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rotahaler machine price Blakemore, Catherine, Board member, 1998-2001

"While IDEA (and its many predecessors) have always had a clear vision and wonderful tools for ensuring that students with disabilities received equal educational opportunities; too often the law is merely a glimmer of possibilities without the strong advocacy of students, parents and their advocates. The advocacy, training and support provided by COPAA and its members is a wonderful means of helping students and families turn that vision into reality."

Dobel, Kathryn, COPAA Chair, 2001-02, Board Member, 1998-2003

"How can I best describe the early days of COPAA? "Inspiring" and "exhilarating" are the first words that come to mind, and yes there was also a large complement of "frustration." But, for the first time we had available all in one location a committed cadre of individuals from across the nation focused only on the educational rights of students with disabilities. As a side benefit, we would also have a more comfortable alternative to the usual special education conference with school district orientation. No shared podium with, or seat in the audience to listen to, someone talking about the dangers of the holding in your case. No argument over the importance of inclusion and services providing intensive intervention.

Our first national parent advocate and attorney conference and the creation of our dedicated national non-profit Board happened at once over a brief few days. Of course Jim Rosenfeld, our first Executive Director, had long worked on the vision of a national group with parent orientation before the initial Board first met as a group. But, what were we thinking? This sounds like an endeavor calling for many years of preparation to first raise funds for the support staff required to take on this large-scale national effort. Surely this was the job of more than one person or an all-volunteer Board. Instead it was the adrenaline from within and the incredible dedication of our planning group of committed individuals volunteering their time to COPAA that carried us forward.

We soon established an important email list where members could quickly access and share information across the country. This was fairly novel at the time!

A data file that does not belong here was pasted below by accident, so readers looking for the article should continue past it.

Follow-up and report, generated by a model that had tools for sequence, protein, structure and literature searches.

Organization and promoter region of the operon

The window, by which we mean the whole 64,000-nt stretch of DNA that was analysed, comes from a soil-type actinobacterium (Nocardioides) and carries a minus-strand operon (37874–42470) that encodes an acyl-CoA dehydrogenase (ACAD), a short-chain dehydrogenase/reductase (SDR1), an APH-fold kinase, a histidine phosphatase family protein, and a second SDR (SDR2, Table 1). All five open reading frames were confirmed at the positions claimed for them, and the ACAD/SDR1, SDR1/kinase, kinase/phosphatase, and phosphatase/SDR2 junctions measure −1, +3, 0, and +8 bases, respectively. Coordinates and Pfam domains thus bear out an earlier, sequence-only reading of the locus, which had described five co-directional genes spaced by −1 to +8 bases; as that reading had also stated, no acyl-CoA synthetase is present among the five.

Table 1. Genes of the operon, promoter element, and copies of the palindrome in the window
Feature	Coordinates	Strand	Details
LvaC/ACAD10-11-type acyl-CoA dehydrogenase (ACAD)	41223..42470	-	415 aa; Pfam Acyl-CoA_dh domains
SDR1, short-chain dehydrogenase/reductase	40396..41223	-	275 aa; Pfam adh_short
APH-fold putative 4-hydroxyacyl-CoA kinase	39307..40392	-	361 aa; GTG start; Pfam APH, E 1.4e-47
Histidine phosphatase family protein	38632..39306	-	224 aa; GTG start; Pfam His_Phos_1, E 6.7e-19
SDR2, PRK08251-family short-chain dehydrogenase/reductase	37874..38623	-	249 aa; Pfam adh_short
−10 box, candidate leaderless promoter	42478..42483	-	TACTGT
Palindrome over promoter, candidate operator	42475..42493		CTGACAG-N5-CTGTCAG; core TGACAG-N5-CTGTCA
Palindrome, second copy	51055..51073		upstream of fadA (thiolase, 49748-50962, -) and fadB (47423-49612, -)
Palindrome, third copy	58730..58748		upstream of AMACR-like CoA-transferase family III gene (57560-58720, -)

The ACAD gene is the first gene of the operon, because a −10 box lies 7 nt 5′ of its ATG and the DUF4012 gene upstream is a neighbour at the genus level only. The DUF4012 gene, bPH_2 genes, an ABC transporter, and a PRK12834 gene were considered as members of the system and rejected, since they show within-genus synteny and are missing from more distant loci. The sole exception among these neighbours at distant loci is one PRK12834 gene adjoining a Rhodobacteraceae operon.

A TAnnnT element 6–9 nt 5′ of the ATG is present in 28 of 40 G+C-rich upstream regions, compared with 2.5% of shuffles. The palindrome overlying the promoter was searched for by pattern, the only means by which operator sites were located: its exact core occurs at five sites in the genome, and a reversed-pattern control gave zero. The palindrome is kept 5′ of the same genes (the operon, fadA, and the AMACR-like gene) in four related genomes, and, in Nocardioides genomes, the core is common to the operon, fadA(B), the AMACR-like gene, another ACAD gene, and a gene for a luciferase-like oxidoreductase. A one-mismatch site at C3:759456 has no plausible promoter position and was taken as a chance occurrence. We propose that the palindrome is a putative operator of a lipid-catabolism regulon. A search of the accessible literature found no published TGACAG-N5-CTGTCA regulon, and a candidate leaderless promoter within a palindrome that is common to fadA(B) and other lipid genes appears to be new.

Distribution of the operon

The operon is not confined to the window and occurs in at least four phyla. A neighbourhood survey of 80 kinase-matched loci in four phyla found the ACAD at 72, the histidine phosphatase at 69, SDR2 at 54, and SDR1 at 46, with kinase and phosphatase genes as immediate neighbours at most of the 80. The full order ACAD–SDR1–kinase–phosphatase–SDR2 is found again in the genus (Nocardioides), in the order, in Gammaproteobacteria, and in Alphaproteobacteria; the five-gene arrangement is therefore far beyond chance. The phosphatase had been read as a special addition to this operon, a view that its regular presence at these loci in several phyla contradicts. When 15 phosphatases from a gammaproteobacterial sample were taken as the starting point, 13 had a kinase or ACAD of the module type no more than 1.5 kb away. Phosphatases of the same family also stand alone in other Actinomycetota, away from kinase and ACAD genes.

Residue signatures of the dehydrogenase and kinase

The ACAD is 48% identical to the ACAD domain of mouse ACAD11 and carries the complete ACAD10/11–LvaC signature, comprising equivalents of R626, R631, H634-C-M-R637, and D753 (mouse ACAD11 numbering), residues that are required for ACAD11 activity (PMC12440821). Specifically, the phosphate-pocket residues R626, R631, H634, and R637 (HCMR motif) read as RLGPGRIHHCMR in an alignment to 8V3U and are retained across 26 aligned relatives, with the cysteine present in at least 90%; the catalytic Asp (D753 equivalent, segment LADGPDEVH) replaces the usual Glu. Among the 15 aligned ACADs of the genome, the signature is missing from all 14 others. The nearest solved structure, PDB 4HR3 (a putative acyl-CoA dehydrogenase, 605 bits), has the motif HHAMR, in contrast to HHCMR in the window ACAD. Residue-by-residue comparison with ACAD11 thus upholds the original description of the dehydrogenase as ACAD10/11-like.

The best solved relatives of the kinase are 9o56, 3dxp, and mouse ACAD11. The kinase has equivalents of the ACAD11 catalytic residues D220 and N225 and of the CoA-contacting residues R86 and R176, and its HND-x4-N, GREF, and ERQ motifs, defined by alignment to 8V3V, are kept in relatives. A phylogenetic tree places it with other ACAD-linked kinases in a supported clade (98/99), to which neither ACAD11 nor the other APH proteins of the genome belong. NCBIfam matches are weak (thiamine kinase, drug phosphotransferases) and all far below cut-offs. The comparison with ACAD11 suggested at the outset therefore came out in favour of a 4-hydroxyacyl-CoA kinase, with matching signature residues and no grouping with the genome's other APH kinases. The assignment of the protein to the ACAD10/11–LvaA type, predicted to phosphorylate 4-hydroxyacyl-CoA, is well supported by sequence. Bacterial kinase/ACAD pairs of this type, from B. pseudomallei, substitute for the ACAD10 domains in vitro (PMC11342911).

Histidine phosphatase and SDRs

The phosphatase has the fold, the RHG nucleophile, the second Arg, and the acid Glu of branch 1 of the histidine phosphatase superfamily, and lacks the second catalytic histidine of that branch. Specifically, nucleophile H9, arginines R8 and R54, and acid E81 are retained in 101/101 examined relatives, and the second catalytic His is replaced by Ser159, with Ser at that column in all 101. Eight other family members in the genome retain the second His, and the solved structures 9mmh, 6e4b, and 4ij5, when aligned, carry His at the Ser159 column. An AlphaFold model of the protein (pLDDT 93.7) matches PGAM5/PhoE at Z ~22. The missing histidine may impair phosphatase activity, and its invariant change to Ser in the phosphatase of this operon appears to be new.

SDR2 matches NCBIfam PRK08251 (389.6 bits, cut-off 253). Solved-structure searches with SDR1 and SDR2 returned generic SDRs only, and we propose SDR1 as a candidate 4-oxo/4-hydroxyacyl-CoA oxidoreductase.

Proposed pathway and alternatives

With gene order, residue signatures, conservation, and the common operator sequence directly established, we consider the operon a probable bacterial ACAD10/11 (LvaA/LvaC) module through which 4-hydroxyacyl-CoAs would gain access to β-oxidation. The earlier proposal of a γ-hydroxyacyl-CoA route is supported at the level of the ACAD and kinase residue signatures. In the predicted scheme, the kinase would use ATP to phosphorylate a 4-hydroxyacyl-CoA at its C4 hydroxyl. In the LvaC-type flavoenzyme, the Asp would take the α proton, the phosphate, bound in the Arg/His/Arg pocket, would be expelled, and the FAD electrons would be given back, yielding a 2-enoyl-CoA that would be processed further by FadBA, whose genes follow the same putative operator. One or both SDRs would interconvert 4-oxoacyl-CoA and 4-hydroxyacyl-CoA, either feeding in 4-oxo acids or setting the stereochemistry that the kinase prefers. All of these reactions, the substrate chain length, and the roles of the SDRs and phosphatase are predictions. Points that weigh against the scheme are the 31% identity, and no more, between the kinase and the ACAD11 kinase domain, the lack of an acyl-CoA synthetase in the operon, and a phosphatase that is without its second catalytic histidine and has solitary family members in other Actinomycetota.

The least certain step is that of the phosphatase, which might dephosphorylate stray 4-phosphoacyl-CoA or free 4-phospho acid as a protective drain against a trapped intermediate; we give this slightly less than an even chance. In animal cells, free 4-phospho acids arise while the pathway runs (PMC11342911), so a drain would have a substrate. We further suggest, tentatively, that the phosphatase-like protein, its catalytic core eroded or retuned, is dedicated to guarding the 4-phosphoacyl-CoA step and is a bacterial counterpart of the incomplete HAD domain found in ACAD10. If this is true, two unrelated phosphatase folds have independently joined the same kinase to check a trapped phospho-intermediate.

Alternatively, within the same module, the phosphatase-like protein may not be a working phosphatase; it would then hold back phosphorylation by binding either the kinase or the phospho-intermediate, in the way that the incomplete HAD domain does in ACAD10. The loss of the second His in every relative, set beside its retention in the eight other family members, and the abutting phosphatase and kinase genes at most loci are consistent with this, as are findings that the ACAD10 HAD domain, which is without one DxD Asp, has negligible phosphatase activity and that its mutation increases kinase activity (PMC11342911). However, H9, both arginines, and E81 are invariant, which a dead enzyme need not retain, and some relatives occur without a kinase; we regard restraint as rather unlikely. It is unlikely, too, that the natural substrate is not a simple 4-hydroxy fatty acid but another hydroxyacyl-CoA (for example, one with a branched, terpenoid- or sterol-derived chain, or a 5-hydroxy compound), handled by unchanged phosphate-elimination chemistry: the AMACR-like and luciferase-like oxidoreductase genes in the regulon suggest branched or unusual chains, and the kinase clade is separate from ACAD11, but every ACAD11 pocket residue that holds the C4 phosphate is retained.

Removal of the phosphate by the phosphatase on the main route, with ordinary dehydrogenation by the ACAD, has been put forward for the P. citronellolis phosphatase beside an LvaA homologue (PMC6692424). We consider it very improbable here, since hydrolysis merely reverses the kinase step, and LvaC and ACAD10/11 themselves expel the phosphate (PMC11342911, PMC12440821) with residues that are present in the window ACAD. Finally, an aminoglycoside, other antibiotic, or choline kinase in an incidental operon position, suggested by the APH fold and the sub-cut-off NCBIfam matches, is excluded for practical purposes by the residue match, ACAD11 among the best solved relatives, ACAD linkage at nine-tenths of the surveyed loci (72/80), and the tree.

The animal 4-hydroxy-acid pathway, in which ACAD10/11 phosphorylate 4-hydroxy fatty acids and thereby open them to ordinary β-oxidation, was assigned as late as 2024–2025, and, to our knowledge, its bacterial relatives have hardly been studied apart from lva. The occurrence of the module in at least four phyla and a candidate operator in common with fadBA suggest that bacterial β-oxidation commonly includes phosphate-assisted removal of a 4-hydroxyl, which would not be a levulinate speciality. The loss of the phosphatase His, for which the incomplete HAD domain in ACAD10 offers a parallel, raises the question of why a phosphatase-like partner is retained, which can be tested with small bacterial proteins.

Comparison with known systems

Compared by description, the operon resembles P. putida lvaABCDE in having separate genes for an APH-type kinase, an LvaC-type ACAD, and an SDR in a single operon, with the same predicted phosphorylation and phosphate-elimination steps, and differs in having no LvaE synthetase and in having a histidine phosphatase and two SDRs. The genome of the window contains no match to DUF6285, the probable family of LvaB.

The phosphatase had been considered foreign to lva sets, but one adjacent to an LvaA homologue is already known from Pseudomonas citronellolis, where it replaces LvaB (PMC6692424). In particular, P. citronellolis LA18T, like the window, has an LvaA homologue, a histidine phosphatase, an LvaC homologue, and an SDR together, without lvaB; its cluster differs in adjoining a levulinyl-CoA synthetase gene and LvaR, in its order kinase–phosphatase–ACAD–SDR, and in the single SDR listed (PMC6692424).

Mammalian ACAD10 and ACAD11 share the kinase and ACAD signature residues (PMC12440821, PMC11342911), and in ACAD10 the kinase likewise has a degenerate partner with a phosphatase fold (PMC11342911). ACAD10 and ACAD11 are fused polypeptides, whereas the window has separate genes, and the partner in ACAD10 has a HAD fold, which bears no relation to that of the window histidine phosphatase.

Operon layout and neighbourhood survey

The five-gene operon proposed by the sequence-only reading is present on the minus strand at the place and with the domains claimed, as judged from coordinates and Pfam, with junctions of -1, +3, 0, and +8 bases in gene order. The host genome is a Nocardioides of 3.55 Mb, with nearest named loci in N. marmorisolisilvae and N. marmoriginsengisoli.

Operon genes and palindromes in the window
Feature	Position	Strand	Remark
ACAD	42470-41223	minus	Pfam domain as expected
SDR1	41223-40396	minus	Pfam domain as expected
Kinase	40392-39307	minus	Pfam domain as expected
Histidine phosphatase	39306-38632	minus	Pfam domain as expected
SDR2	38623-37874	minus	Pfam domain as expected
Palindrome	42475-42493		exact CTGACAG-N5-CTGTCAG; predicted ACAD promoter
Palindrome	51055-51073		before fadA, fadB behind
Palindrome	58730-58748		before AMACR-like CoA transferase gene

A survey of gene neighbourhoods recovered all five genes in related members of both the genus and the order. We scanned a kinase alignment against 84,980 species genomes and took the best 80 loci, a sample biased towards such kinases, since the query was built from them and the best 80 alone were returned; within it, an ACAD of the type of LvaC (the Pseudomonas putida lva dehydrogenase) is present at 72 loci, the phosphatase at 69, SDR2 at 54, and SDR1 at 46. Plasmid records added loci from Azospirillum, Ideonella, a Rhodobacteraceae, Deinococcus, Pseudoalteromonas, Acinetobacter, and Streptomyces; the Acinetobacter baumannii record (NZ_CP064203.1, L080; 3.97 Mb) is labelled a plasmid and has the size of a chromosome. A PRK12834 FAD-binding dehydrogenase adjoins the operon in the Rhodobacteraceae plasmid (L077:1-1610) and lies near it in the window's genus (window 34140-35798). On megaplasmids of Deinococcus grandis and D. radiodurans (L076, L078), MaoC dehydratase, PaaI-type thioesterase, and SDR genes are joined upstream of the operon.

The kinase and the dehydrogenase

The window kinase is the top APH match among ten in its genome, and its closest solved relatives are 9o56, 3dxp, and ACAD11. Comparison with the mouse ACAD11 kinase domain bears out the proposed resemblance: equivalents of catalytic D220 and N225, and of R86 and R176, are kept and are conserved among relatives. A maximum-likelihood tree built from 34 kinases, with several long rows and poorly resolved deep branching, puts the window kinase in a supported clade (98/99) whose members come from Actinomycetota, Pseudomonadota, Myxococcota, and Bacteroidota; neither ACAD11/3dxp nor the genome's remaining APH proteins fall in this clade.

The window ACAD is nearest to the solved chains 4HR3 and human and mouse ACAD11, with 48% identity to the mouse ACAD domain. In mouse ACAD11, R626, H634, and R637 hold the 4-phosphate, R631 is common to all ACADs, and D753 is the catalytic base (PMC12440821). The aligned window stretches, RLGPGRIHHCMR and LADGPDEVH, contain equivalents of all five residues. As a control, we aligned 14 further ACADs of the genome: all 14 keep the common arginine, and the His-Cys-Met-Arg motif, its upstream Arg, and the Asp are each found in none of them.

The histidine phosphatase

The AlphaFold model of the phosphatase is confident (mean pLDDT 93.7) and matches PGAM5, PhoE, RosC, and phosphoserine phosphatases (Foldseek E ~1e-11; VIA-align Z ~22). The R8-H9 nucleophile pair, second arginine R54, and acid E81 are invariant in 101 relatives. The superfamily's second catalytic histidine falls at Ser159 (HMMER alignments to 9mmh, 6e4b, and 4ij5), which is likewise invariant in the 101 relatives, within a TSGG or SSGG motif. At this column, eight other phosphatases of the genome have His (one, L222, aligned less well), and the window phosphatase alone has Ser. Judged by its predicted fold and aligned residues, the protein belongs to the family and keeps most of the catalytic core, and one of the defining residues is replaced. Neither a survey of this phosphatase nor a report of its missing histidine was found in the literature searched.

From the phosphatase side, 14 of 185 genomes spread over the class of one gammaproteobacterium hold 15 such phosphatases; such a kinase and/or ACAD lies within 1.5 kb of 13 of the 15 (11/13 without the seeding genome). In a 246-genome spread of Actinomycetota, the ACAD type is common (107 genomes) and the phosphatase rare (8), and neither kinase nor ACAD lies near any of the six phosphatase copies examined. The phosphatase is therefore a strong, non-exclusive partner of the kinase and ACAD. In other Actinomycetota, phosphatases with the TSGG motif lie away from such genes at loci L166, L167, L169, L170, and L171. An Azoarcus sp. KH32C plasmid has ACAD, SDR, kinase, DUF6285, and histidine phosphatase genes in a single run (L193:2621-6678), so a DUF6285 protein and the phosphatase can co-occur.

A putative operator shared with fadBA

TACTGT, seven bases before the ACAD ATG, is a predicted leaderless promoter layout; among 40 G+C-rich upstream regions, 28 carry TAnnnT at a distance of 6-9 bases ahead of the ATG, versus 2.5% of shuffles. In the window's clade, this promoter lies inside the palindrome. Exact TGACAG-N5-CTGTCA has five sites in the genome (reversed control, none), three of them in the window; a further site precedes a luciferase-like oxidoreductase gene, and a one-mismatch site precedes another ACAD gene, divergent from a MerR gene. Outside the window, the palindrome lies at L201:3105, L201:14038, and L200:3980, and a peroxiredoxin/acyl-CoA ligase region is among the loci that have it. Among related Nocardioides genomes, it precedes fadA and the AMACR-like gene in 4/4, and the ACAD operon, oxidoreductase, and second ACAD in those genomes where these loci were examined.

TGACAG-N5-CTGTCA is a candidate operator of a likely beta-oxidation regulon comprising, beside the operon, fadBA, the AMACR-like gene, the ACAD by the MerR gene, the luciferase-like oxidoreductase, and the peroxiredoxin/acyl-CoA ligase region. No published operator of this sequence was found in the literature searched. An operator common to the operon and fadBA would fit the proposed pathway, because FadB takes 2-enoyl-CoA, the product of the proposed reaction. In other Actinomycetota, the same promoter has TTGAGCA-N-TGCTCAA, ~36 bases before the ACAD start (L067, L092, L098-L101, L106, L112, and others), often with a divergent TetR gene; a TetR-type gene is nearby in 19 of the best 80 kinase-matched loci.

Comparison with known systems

I was the second COPAA Chair, beginning my tenure in March of 2001. I had no idea how formidable and exhausting that task would be before I signed on to the job. At the beginning of the 2001 conference, we met in teams at the Capitol to discuss the need for change during the reauthorization process. Of course the reauthorization would be delayed after September 11th, as would our next annual conference, and the reauthorization would take its toll on all of us for the next several years. However, the seeds of COPAA's national presence were planted in Washington in those early days, and the formation of COPAA's committee structure during my tenure provided the forum for a more focused national presence.

I want to acknowledge Matt Cohen, Joyce Ginsburg, Pat Howey, Judith Gran, Bill Dussault and Pete Wright (Sonja Kerr was out with an injury) for their support and assistance on the steering committee we convened at (and after) the 2001 conference, as we met and worked to create the committee format that has helped to carry COPAA forward with strong member support.

I am awed by the many accomplishments that COPAA has worked hard to achieve since that time on behalf of disabled students, especially in the legislative and amicus arenas, and the important allies that COPAA has gained in the process. Over these ten years, individual members have contributed greatly, but it is the collective strength of the membership that has always kept COPAA strong, effective and forward moving. I do not know of a more dedicated membership and all volunteer Board that accomplishes at the level of COPAA.

It is hard work to build a diverse organization, with a national base and a national network, based on the overriding principle that what the collective membership can do for COPAA is critical to the operation of the organization. The COPAA experience has not been easy for all. As with any organization, there are always individuals who find it easier to work in a group format, and there are individuals who can contribute more toward the day-to-day work. The sum of all contributions over these ten years has helped COPAA to grow in a positive way. As a result, COPAAns are now able to come together to celebrate the achievements of the first ten years with a commitment to carry on the mission of COPAA, so that no child with a disability is ever left behind.

It is with fond memories of Diane Lipton and Beth Goodman, who fought hard with us to keep COPAA going during the early formative years, even when they were critically ill, that I celebrate COPAA."

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